I am just reaching a certain point where everything I read kind of contradicts the last thing I read and if I listened to all of it I wouldn't even be able to play with my puppy.

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Re: Is it bad to point toys?

Post by ezzy333 » Fri Nov 11, 2011 9:54 pm

roloc wrote:Those are some interesting ideas. And it is good to know that it isn't going to ruin them but that you should just focus on the nose more than the eyes.

I am just reaching a certain point where everything I read kind of contradicts the last thing I read and if I listened to all of it I wouldn't even be able to play with my puppy.
You just expressed my concerns also. Too many people are trying to convince newcomers that puppies and birddog all require lots of time and work ot they will never hunt. The time and effort they talk about is dependant on how much training you want to do. Dogs that aren't trained a lot usually make pretty good hunting dogs but if you are wanting to go into the trials and testing there can be an almost endless training program to get it done.

When or if you get a nice well bred puppy enjoy it and stop worrying that you have to be doing a lot of training and enjoy the puppy while you train it to become part of the family like I said before. The serious training will come later if that is what you want to do. And if you do nothing that is hunting related except take the puppy for free walks in the field once or twice a week you are not going to ruin the puppy.

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Re: Is it bad to point toys?

Post by mxdad777 » Fri Nov 11, 2011 11:32 pm

ezzy333 wrote:Too many people are trying to convince newcomers that puppies and birddog all require lots of time and work ot they will never hunt. The time and effort they talk about is dependant on how much training you want to do. Dogs that aren't trained a lot usually make pretty good hunting dogs but if you are wanting to go into the trials and testing there can be an almost endless training program to get it done.
Ezzy
It's funny you mention this. When I was a youngster growing up, we always had a Brittany as our family pet. They were treated just like any other dog that a person would bring home from the pound. They were played with, loved, taken on walks, let in the house to lay by the fire on cold nights, ran beside me on my bike going to the local playground, etc. They were taught basic family commands (sit, shake, stay, etc) but never exposed to any "hunting" training. The only thing we did that resembled training was playing fetch in the back yard with a pheasant wing tied to a 2x4 piece of wood.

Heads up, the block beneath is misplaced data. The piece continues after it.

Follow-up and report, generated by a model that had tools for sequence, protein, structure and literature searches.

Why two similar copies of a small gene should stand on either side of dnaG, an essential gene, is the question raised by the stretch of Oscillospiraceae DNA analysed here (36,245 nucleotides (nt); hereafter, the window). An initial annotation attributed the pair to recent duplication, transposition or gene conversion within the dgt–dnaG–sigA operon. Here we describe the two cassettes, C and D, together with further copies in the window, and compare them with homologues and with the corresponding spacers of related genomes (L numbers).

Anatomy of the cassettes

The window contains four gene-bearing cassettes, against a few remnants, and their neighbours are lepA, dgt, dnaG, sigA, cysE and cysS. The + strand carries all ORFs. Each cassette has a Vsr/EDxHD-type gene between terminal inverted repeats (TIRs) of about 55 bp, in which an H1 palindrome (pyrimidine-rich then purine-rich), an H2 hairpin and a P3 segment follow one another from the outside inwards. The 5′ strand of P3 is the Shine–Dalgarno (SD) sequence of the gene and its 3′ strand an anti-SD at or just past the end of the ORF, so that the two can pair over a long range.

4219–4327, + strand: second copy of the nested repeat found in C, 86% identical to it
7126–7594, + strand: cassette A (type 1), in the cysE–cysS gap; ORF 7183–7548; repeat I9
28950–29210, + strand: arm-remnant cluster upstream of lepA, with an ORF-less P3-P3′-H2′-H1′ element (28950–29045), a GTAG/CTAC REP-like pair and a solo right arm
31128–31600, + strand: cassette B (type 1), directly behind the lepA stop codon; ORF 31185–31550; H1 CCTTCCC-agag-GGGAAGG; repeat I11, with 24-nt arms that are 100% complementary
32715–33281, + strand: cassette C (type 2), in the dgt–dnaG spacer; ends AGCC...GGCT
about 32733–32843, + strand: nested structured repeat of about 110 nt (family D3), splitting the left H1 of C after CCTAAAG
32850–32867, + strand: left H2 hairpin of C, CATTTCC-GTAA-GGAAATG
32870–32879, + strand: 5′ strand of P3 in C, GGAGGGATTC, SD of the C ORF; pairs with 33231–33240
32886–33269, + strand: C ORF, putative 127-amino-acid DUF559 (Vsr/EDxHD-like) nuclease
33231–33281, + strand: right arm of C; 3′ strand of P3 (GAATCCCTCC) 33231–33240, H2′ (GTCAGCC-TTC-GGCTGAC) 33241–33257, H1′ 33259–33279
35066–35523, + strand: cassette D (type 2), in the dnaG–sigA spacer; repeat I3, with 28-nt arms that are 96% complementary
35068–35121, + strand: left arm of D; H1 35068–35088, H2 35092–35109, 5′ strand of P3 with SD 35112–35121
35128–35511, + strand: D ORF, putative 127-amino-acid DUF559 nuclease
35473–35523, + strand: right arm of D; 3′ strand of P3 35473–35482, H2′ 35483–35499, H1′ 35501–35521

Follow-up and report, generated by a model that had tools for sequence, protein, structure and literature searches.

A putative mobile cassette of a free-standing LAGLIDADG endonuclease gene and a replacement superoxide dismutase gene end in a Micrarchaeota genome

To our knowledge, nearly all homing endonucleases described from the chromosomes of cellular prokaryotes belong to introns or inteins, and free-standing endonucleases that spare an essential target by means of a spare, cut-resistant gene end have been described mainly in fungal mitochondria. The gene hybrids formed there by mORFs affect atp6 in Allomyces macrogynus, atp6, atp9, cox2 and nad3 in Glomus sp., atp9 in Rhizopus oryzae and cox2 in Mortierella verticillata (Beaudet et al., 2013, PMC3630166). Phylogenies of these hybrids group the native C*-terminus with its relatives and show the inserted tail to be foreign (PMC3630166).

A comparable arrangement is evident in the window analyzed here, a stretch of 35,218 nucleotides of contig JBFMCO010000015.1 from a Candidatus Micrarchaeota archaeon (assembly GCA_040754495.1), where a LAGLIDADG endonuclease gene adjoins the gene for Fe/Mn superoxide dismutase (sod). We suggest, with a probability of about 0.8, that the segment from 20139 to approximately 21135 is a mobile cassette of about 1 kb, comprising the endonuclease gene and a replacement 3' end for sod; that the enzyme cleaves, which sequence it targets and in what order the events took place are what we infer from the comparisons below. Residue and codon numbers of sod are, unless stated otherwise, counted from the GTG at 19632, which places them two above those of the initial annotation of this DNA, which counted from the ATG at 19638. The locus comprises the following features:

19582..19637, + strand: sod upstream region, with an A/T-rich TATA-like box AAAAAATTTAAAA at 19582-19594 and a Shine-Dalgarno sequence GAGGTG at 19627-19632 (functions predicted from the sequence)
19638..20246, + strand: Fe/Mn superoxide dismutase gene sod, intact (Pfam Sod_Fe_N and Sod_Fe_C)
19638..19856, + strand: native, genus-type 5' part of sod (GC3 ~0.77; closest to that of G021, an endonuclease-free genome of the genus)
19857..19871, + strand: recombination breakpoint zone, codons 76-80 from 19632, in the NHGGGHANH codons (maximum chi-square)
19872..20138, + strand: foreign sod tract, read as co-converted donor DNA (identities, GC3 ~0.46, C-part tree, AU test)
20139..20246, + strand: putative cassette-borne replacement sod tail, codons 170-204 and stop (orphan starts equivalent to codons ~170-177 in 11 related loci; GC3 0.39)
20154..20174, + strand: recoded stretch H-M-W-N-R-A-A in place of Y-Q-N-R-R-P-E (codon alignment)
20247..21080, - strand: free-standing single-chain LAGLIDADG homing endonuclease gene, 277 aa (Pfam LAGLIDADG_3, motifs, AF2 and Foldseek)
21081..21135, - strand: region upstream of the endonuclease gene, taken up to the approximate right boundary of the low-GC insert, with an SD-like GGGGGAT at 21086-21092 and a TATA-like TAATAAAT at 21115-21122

Every November on the opening weekend of pheasant season my dad would load our dog up in the back of the truck and we would go hunting. The dog would run all over the fields, point the birds and retrieve them back some what close to my dad. The only thing I ever saw go wrong was one year we were hunting an area where there were quite a few jack rabbits. Our dog started chasing these rabbits and my dad couldn't get her to stop. Finally after about rabbit #4 my dad shot the rabbit and beat the dog with it. He then tied the rabbit to our dog and made her drag the rabbit back to our truck. After spending a few minutes at the truck, he took the rabbit off our dog and we started hunting again. Next time a rabbit jumped up, the dog took one look and ran the other way. She never chased another rabbit. I'm not saying this is the right thing to do, or the way I would have handled it, but it sure worked.
Anyway, my point is......If you get a bird dog from a good line, chances are they will hunt regardless of what training you do or don't do. Enjoy your dog!
PS I might add that this all took place back in the late 60's to early 70's when there were about 20 wild pheasants per acre. Boy how I miss those days!

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cmc274
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Re: Is it bad to point toys?

Post by cmc274 » Sat Nov 12, 2011 3:38 am

I will second that it isnt a big deal. A dog can differentiate between stalking a toy in the house and finding game. Two pics of my now 5 month old pup. Jolene pointing tux and jolene pointing birds. One had nothing to do with the other.

Image

Image

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brad27
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Re: Is it bad to point toys?

Post by brad27 » Sat Nov 12, 2011 8:53 pm